Minimalism for Beginners

When many people hear the word “minimalist” when it refers to a lifestyle, they immediately think of someone who eats only rice and owns only a toothbrush and the clothes on his or her back (of course, though, in some cases this can be close to the truth). However, minimalism can be adapted in varying degrees in everyone’s life. And, in my opinion, it should be.

This is not what my minimalism looks like.

This is not what my minimalism looks like.

Everyone’s Minimalism Looks Different: Here’s Mine

I’ve embarked on my personal journey towards a more minimal lifestyle in recent months, and have felt a great weight lifted off of me. I look at possessions as an extension of my weight as I move through this life, and I discovered I was much too heavy to navigate effortlessly like I wanted to. I took a look at different areas in my home that overwhelmed me and took action. I started off by designating a “get rid of 100 things” weekend, and it continued from there. It gets easier! Here are a few of the areas I’ve cut down:

  • Clothes. I’ve reduced the amount of clothing and shoes that I own by 50%, and I’m still going. By focusing on quality secondhand items, I’ve been able to look like a million bucks while spending 10-25% of what I’d pay for brand new outfits.  (Want a pantsuit for interviews from Express for under $50? Try ebay!) Saving money isn’t the primary goal of this, but it’s a definite perk.
  • Personal care products. I don’t buy shampoo or fancy body wash (I use Castile soap, baking soda, and vinegar and I’ve yet to be called out for looking or smelling strange). I make my own toothpaste and hairspray, and I have gathered enough body sprays over the years that I’m set. (Think about the concept of having multiple perfumes/colognes at your disposal. Isn’t that weird to anyone else?) My makeup collection gets smaller every day. I really only use mascara daily, but I have foundation, eyeliner, blush and a bit of eyeshadow on hand just in case.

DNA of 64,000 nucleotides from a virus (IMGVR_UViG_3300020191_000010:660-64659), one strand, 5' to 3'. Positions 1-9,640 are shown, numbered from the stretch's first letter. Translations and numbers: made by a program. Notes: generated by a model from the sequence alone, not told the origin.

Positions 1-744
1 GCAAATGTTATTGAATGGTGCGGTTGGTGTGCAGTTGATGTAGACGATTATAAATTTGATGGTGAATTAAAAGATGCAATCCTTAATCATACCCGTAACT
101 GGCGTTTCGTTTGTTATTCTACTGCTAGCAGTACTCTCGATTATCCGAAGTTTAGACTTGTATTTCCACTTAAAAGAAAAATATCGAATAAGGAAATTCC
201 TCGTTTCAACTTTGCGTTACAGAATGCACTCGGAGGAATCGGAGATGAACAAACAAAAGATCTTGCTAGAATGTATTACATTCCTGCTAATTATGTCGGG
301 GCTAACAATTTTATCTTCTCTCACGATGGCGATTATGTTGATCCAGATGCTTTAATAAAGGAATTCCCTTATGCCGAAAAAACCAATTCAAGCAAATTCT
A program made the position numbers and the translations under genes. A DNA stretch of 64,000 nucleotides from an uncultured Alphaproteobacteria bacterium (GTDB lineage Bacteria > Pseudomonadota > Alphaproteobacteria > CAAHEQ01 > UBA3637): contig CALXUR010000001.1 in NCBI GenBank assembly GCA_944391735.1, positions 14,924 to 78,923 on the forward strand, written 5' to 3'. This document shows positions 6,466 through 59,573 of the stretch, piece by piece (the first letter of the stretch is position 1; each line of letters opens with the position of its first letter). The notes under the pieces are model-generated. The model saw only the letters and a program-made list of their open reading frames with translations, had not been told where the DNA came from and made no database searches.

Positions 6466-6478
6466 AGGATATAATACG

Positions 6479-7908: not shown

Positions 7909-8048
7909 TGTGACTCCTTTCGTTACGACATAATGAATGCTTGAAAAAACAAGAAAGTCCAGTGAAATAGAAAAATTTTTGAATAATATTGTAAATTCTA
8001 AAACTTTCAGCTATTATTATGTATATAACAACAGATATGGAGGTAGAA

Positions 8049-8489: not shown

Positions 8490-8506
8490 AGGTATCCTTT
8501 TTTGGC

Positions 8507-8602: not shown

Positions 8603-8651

• Food. Now, I will not admit to reducing my spending on food, but I’ve begun to simplify my diet. No boxed foods, pre-made meals, and I purchase canned foods sparingly. The cost is a bit higher, but there’s unlimited creative potential when you limit yourself to fruits, veggies, beans and rice (I’ve even started saying goodbye to pasta! Whaaaaat?)
Simplicity is the ultimate sophistication--do you agree?

Simplicity is the ultimate sophistication–do you agree?

Get Started

To get started on your own minimalist-inspired lifestyle, make a list of your pain points at home. Contemplate what needs to go, and what needs to be upgraded (or downgraded). I found myself getting rid of automated things that cluttered my space, such my random quesadilla maker, old half-working blender, and even my auto-drip coffee maker! I spend a bit more time making better coffee in a french press and I’m enjoying the extra counter space.

Once you’ve identified your pain points, you can start making a list of what’s needed and what’s not, or you can do it like I did: dig in. Designate one bag for donations and one for trash, and take everything out of it’s hiding place. Is it necessary? Beautiful? Put it back on the shelf. If it’s neither of those things, toss it into the appropriate bag.

As you remove clutter one piece at a time, reflect on the fact that you’re losing weight! It’s stuck with you for this long, and it’s finally time to shed those pounds you’ve carried around since high school. (Why did I still have body spray from 7 years ago? Gross! But let’s note that I didn’t dump it, I just used it primarily for a few weeks to knock it out. It smelled just as good as the day I bought it!)

I’m finding that there are more and more facets to minimalism, such as getting rid of mental and emotional clutter (hello, more efficient workdays), and leading a more healthy and generous life, but we’ll cover that in later posts. Minimalism doesn’t have to be scary–it’s actually quite fun, and if you start by getting rid of some possessions, you’ll find yourself focusing on what’s truly important and necessary. I love William Morris’s quote:

Have nothing in your house that you do not know to be useful, or believe to be beautiful.

I enjoy weeding out knick-knacks in dusty junk drawers with those wonderful words ringing in my head. I challenge you to get rid of 100 things this week, and let me know how it goes!

Need more inspiration? Check out Becoming Minimalist. It’s refreshing and encouraging, and I love hearing about people are using minimalism to increase their happiness and improve their lives.


One thought on “Minimalism for Beginners

  1. Pingback: Minimal Millennial | Emily Torres | GUM: Growing up Millennial

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